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The memoirist of the Coppola clan

Eleanor Coppola reflects on life, art and her famous family in her new book.

May 12, 2008|Margaret Wappler | Times Staff Writer

RUTHERFORD, Calif. -- Eleanor Coppola doesn't consider herself a writer, yet she frequently records her thoughts and observations, a writer's habit if there ever was one. Her practice, which she admits is catch-as-catch-can, began on the set of “Apocalypse Now,” husband Francis Ford Coppola's difficult masterwork that kept them in the Philippines for three years in the late '70s. Her extensive notes for "Hearts of Darkness," an acclaimed documentary on the making of the film, became "Notes on the Making of 'Apocalypse Now,' " published in 1979 and also well-regarded.

Now, Coppola has published “Notes on a Life,” her second set of observations jotted down in notebooks in the odd moments. The book covers the period roughly from the mid-'80s to 2005, with occasional dips in the further past.

"Notes on a Life," Coppola said in an interview at her home, "doesn't have a specific projection or underpinning, but it's reflective of the way we think. In the present time, we are aware of something, but maybe it reminds us of something else and then we're in the past and then we're back to the present again. . . . As I looked back on the notes, I could see strong themes emerging, repeating themselves, certain images or ideas."

The result is a free-flowing document that draws power from a steady accumulation of detail rendered in quiet, natural prose. It's the testament of a woman devoted to her family, seemingly at the disservice of her own artistic goals. But it's also not that simple.

Radiating a kind of serenity that was clearly hard-earned, Coppola, 72, often found a way, on the far-flung locations of her husband's work, to reinforce her own creative impulses or at least operate as a key emissary. She set up makeshift homes in Thailand, France and Washington, D.C., comforted and encouraged Francis and, later, her filmmaking offspring, Sofia and Roman. The specter of the accidental death of her oldest son, Gian-Carlo or Gio, in 1986 colors the book with grief and a heightened appreciation for what she still has.

The Coppola home is a dramatic, egg-cream-colored Victorian set near rolling hills and rows of grapevines for the Rubicon Estate winery next door. In "Notes on a Life," Coppola is always yearning to get back to the land that the couple bought in the '70s with a payment from "The Godfather."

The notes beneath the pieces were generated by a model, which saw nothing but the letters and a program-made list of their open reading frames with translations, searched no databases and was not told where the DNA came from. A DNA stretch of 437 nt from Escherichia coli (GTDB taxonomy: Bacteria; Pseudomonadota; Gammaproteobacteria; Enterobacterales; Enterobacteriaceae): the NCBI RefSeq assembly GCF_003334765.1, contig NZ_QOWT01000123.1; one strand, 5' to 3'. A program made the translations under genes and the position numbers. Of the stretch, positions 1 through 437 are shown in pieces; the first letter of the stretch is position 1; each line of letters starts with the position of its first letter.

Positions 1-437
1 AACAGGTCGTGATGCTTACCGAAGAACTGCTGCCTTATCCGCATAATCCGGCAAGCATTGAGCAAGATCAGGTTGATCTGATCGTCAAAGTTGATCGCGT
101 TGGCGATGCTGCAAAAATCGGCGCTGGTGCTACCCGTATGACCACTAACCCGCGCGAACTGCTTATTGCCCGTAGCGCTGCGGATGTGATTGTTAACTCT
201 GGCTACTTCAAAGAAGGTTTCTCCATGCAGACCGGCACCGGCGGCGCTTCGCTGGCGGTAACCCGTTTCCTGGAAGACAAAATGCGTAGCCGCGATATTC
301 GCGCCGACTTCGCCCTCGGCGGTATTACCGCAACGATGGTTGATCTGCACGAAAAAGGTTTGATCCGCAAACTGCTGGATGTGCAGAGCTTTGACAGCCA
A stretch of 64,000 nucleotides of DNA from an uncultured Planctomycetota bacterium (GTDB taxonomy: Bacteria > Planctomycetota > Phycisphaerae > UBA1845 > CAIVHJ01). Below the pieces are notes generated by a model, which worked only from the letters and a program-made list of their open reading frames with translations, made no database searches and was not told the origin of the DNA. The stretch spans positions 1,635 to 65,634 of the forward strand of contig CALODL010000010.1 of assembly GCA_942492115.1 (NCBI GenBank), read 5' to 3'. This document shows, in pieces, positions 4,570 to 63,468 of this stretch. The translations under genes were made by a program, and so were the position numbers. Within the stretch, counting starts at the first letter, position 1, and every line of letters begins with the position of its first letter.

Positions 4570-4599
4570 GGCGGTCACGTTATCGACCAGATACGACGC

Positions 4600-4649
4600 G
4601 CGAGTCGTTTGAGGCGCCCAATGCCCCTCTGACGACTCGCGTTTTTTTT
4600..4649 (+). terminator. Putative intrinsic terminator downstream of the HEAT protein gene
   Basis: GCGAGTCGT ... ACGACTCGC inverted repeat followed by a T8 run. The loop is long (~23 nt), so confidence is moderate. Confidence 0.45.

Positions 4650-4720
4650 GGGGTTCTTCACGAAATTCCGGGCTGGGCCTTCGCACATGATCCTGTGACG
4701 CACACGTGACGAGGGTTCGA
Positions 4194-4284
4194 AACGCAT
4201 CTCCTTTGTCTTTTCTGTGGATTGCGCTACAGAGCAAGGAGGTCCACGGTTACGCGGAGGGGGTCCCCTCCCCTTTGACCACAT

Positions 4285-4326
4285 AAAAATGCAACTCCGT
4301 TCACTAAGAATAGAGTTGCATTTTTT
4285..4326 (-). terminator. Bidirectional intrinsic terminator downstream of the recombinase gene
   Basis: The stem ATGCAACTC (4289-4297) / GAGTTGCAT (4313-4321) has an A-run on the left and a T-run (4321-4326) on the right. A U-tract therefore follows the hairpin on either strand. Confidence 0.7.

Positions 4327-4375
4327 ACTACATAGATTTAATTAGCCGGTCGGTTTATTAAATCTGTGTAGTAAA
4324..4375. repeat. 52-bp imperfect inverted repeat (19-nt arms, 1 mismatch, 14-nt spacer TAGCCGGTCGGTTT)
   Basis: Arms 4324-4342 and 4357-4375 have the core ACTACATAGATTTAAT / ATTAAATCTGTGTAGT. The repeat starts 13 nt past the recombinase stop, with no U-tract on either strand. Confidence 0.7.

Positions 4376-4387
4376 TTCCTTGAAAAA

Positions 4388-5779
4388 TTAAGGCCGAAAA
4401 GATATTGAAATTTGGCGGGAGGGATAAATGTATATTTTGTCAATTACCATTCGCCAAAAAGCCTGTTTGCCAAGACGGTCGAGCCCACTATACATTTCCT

'Comfortable' place

"This place is part of my nature," Coppola said, seated in a chair on the wraparound porch. Her mellow-blond hair was cut short and she wore dark clothes, a silver necklace. "It's where I'm most comfortable." Beyond the grapevines, there's her studio, a converted barn where she works on watercolors and sketches near an altar she built with seashells for her elderly mother.

Several sets of tables and chairs were spaced out on the porch, along with a pingpong table that was apparently the center of action at a recent soiree of Sofia's. Coppola's birthday was coming up that weekend, and she planned to host a group of female friends for lunch. Francis is not home at the moment; he is shooting "Tetro" in Argentina, about the rivalries, suitably enough, within an artistic Italian family.

Coppola doesn't have a writing routine; she waits until she feels a certain hunger. "I write as if I have a friend who I want to tell something to that I just experienced or thought about or was intrigued by. . . . I keep a little notebook in my purse for conversations I overhear or what people tell me. I was at the manicurist recently and she was having a life crisis and I ended up becoming her therapist. Everything she told me was just this nitty-gritty stuff of life."

Untouched by cosmetic surgery, Coppola has the kind of wise, age-softened face and patient demeanor made for confession, weeping or ranting. It's obvious she can take it and perhaps she's gotten better at it over the years.


'Rocky points'

In a passage in "Notes on a Life," Eleanor describes how Francis, at near breaking point from the making of "The Godfather: Part III," unleashes a litany of complaints. "He spoke so convincingly about all the things wrong in his life: how he hated that he was doing the same thing again that he had done nearly 20 years ago . . . he talked about his family, he complained about me. I sat there while he ran it all out. . . . I went for a walk outside. I tried to visualize all his dark words draining out of me, dripping off the ends of my fingers and running out my toes through my shoes."

That is not to suggest that Coppola only sponged up Francis' complaints and aired none of her own. In "Notes on the Making of Apocalypse Now," she states that Francis and she fought for several days, concluding that they should get a divorce, a notion that unraveled moments later. In "Notes on a Life," she drops in such lines as "when our marriage almost ended" but doesn't go into much detail.

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